Morocco's King Mohammed Pledges Constitutional Reform

by
Mikki
Morocco's King Mohammed VI has promised "comprehensive constitutional reform" in the north African country.

In this photo released by the Royal Palace, Morocco's King Mohammed VI flanked by his son Moulay El Hassan, left ,and his Brother Prince Moulay Rachid, right , listen to the national anthem after he delivered a speech to the nation, Wednesday, March, 9, 2011 at the king's Palace in Rabat. Morocco's king announced constitutional changes in a rare speech, aimed at consolidating democracy.

Morocco's King Mohammed VI has promised "comprehensive constitutional reform" in the north African country.

In his first speech since last month's protests across the nation, the king said that "individual and collective liberties will be expanded".

Despite the street rallies - in the wake of those in Tunisia and Egypt - the king has refused to give up power.

Protesters want some of the king's powers to be handed over to a newly elected government.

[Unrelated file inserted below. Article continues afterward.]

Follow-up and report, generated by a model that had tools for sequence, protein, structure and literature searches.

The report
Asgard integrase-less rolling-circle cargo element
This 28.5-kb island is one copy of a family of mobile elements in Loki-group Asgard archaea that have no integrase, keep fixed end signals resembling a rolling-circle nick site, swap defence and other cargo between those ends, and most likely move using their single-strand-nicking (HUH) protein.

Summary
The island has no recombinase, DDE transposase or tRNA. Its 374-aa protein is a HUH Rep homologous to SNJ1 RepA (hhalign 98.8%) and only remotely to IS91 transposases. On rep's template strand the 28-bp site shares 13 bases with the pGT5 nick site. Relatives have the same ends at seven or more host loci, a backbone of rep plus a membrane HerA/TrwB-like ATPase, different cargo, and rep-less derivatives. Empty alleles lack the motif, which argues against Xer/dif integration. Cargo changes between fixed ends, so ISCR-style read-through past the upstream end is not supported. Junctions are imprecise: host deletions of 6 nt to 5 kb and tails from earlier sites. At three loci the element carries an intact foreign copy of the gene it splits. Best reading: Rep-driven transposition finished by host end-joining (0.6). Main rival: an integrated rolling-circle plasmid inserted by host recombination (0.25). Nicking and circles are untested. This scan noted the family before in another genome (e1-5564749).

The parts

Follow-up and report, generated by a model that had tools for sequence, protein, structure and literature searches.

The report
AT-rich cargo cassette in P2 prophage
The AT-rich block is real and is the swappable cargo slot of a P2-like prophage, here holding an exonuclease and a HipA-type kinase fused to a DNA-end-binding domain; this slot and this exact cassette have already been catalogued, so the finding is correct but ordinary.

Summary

'Our model'

"We have decided to undertake a comprehensive constitutional reform," King Mohammed said in the televised speech to the nation.

He said that a committee had already been set up to work on the revisions, with proposals to be submitted to him by June.

The monarch added that more powers would be given to Morocco's regions, saying it would help consolidate "our model of democracy and development".

It was his first public speech since thousands of people rallied in several cities on 20 February.

Some rioting did take place, especially in the north, where five people died at a bank that was set on fire, but there were otherwise few clashes between protesters and the police, who had been ordered to avoid confrontation.

Since then, young activists have been using social networking websites to call for major rallies on 20 March "for dignity and large-scale political reforms", including a constitutional monarchy.

Morocco has also been facing severe economic problems.

King Mohammed has said the fight against poverty and high unemployment is his priority, but some non-government groups say little has changed.

Morocco - like Egypt and Algeria - does allow limited freedom of expression and has so far been able to contain protests.

Like Jordan it is a monarchy with strong support among sections of the public.

BBC